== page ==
There’s a long tradition, going back to Charlie Chaplin and “To Be or Not to Be,” of Hitler-Nazi satire, though the dam really broke in the late sixties with Mel Brooks’s “The Producers” and “Hogan’s Heroes” on TV. While Taika Waititi’s contribution to the genre doesn’t break entirely new ground, therefore, it is notable for conjoining it with a seriocomic coming-of-age element and a very serious Anne Frank-style plot thread—as well as employing humor with a contemporary, almost frat-boy edge. The result is an admittedly bizarre picture that, while like its predecessors will offend some, makes up in sheer energy and inventiveness what it lacks in tonal consistency.
The real protagonist of the film is Johannes Betzler (Roman Griffin Davis), a ten-year old imbued with dedication to everything Nazi in the waning days of World War II. His best pal is Yorki (Archie Yates), a chubby, bespectacled kid whose devotion to the National Socialist ideal is no less complete but much less intense. Johannes (or Jojo) is such a fervent believer that he has conjured up an imaginary friend—Adolf Hitler himself (Waititi), who eggs him on like some goofy cheerleader.
Unfortunately, Jojo’s inability to live up to the Nazi ideal of coldhearted virility is revealed at a Hitler Youth Camp session presided over by laid-back Captain Klenzendorf (Sam Rockwell) with the assistance of his second-in-command Finkel (Alfie Allen) and their wacky female aide Fräulein Rahm (Rebel Wilson). Humiliated when he’s unable to strangle a rabbit, Jojo tries to redeem himself by hurling a grenade, only to be injured in the explosion. After his recovery, the badly-scarred, limping boy winds up as an intern in Klenzendorf’s office.
Jojo’s other close relationship is with his freewheeling single mother Rosie (Scarlett Johansson), who is harboring a secret from him: an anti-Nazi, she has hidden a Jewish girl, Elsa (Thomasin McKenzie) in an upstairs crawlspace of their home, and the boy naturally discovers her. He’s at once horrified and fascinated, torn between his pal Adolf’s admonitions and his gradual warming to the interloper.
He responds by trying to use Elsa as a source of spurious information about Jews for a childish exposé of their inhuman qualities he intends to compile, but as he does so, of course, her human reality overtakes his wild ideological imaginings. His attitude takes a complete turn after a house inspection by a ghoulishly grinning Gestapo officer (Stephen Merchant), a tragic twist involving Rosie, the collapse of the war effort and news from Berlin about the real Hitler.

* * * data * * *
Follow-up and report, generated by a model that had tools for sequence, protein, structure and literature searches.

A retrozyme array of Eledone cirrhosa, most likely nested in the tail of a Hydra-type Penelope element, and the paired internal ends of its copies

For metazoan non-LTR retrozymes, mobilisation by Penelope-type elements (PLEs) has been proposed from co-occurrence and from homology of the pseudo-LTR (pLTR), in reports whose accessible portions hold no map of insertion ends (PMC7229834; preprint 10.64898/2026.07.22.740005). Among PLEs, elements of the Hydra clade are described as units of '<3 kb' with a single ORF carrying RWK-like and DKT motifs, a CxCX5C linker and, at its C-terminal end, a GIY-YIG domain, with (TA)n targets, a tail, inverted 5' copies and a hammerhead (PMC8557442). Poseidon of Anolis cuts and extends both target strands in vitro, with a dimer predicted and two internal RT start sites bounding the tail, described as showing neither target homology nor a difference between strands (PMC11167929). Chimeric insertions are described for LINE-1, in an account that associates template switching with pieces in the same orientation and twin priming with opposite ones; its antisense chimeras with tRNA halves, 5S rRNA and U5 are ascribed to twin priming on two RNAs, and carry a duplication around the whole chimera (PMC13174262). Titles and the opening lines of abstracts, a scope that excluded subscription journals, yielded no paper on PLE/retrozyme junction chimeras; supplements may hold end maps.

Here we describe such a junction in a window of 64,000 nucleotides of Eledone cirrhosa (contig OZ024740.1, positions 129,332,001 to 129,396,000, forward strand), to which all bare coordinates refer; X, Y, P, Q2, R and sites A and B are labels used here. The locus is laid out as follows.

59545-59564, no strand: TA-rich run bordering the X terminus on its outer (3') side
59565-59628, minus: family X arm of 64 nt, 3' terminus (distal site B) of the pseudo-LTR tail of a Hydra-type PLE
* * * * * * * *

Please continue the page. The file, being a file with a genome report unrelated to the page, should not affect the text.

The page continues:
“Jojo Rabbit” is a deliberately quirky hybrid—a blending of a youngster’s “coming to terms with horror” story—a sort-of cousin to “The Boy in the Striped Pajamas”—with blissfully wacked-out ridicule of Nazis that makes “Hogan’s Heroes” look mild by comparison, including a Hitler who’s an exuberantly nutty “Animal House” caricature (until, at the very end, he morphs into something pretty terrifying). Whether you will find the juxtapositions of tone jarring or grimly funny, weirdly hilarious or grotesquely tasteless, is the question; widely divided reactions to the film are inevitable. And the throwaway bits of dialogue, from Hitler’s anachronistically absurd exhortations to Jojo’s uncomprehending reactions and the nonsensical observations of Klenzendorf and Rahm, will similarly irritate or amuse.
What’s unquestionable is the astonishing performance of Davis as the tyke who finds his most cherished beliefs challenged. He actually manages to make Jojo’s addiction to an odious ideology seem an engaging, foolishly youthful attitude rather than appalling, and the addition of Yates’s more practical, aw-shucks Yorki to the equation further mitigates the discomfort you might feel. Of course the effect that Elsa—played with a combination of spunkiness and poignancy by McKenzie—has on Jojo also sweetens the character.
The adults around the youngsters are largely caricatures—even Rosie, played by Johansson with a degree of animation that’s rare for her, is basically a one-note figure. But Rockwell clearly has fun with the obtuse Klenzendorf, who ultimately shows more depth than first appears the case, as does Wilson, as undisciplined as ever as Rahm (though she shows no signs of depth at all). Merchant is genuinely spooky as the cadaverous Gestapo man, whose entrance leads to an explosion of “Heils” that rivals the credits sequence, composed of found footage set to the Beatles’ “I Wanna Hold Your Hand.”
That quasi-sophomoric type of humor is characteristic of “Jojo Rabbit,” which revels in dumb jokes like a groaner about shepherds. Waititi’s Hitler falls into that same category, being derived more from outlandish sketch comedy than anything else. But if you’re in the right mood, it can be very funny—certainly more so than Dick Shawn’s Fuhrer.
The film is much less daring and provocative than it seems to be, of course; for all its outrageousness, it’s actually a fairly familiar story—an inherently serious one—festooned with goofy comic overtones. But it’s played with zest by all, and is nicely appointed, with the production design (Ra Vincent), costumes (Mayes C. Rubeo) excellent and the cinematography (Mihai Malaimare Jr.) and editing (Tom Eagles) equally expert.
In short, a pretty good addition to films that take a satirical swipe at Hitler and his mad philosophy.